The only case in our reports which suggests a contrary conclusion is Valin v. Jewell, 88 Conn. 151, 90 A. 36. In that case a tenant in a building brought an action against the owner, his landlord, to recover damages caused by a fall while he was attempting to remedy a slippery condition on a sidewalk in front of the premises, alleged to be due to the defective construction of the roof of the building; a demurrer to the complaint was sustained upon the ground that no facts were alleged sufficient to show that the defendant owed any duty to the plaintiff to take steps to safeguard him from injury; and we held the ruling to be correct, pointing out that the plaintiff was not a traveler on the highway nor was there anything in the relationship of landlord and tenant which would give rise to such a duty. It is sufficient for our present purpose to distinguish that case on the ground stated in Higgins v. Connecticut Light Power Co., 129 Conn. 606, 612, 30 A.2d 388. In that case certain employees of the highway department sued to recover for injuries due to electric shock received from wires maintained by the defendant while they were trimming trees in the highway; we found error in a judgment for the defendant; and, citing Valin v. Jewell, supra, we said: "Obviously, the plaintiff's claim for recovery was based upon their peculiar and particular relation to the defendant and not upon their rights as members of the general public."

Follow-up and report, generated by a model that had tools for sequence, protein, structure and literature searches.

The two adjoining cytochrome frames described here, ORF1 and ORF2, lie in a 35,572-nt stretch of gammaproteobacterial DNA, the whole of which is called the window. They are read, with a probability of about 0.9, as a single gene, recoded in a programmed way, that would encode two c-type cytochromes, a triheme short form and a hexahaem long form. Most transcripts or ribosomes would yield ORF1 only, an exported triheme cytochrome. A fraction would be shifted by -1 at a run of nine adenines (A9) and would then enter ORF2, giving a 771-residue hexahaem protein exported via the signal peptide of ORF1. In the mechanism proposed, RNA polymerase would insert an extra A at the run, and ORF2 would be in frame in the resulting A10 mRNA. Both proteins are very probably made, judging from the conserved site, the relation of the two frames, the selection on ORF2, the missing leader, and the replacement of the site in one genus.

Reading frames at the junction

The defendant in its brief contends that the jury could have reached no other conclusion from the evidence than that it was Peter's own act in pulling the steel as it was being moved which brought the cable into contact with the wire. That a person at the time he suffers an injury is engaged in an act which is wrongful as regards the party whom he seeks to hold liable for the injury does not necessarily bar recovery. Black v. Hunt, 96 Conn. 663, 666, 115 A. 429. "A trespasser is liable to an action for the injury which he does: but he does not forfeit his right of action for an injury sustained." Barnes v. Ward, 9 C. B. 392, 420, 137 Eng. Rep. R. 945; 1 Beven, Negligence (4th Ed.), p. 9; see Birge v. Gardiner, 19 Conn. 507, 512; Shiembob v. Ringling, 115 Conn. 62, 160 A. 429; McPheters v. Loomis, supra, 531. The defendant had a right to maintain its wires over the highway; Peter had a right to be where he was within the highway bounds and to be engaged in the work of construction. If the jury had found that the defendant should have anticipated the danger to men working in the construction of the bridge from the presence of its wires, the defendant could not avoid liability upon the ground that, as matter of law, it was under no duty to guard them against that danger. The case in this aspect is ruled by our decision in Ruocco v. United Advertising Corporation, 98 Conn. 241, 119 A. 48. In that case the decedent, to recover for whose death the action was brought, was standing on a sidewalk; he reached over and touched a chain hanging inside the open door of a garage maintained by the defendant; and he received an electric shock which caused his death. The defendant demurred to the complaint, claiming that it failed to show the plaintiff to have been other than a trespasser; the demurrer was sustained by the trial court upon the ground that at the time of the injury some part of the decedent was upon the defendant's property and that it owed him no duty to keep its property in a safe condition. This ruling was held to be erroneous and we said (p. 245): "It is true that upon the allegations of the substituted complaint the intestate was as to some part of his person upon the property of the defendant at the time of the accident; but his right of action was not necessarily defeated thereby, for it is alleged that at the time of the injury he was in the lawful use of the highway, and from that standpoint the question is whether the defendant was under any obligation to maintain its premises in such a condition as not to endanger travelers in their lawful use of the highway." See also Spagnolo v. Lanza, 110 Conn. 178, 181, 147 A. 594. The trial court was in error in directing the verdict upon the ground that the defendant owed no duty to take any steps to safeguard Peter from danger from its wires because he was a trespasser, and in refusing to set aside the verdict so directed.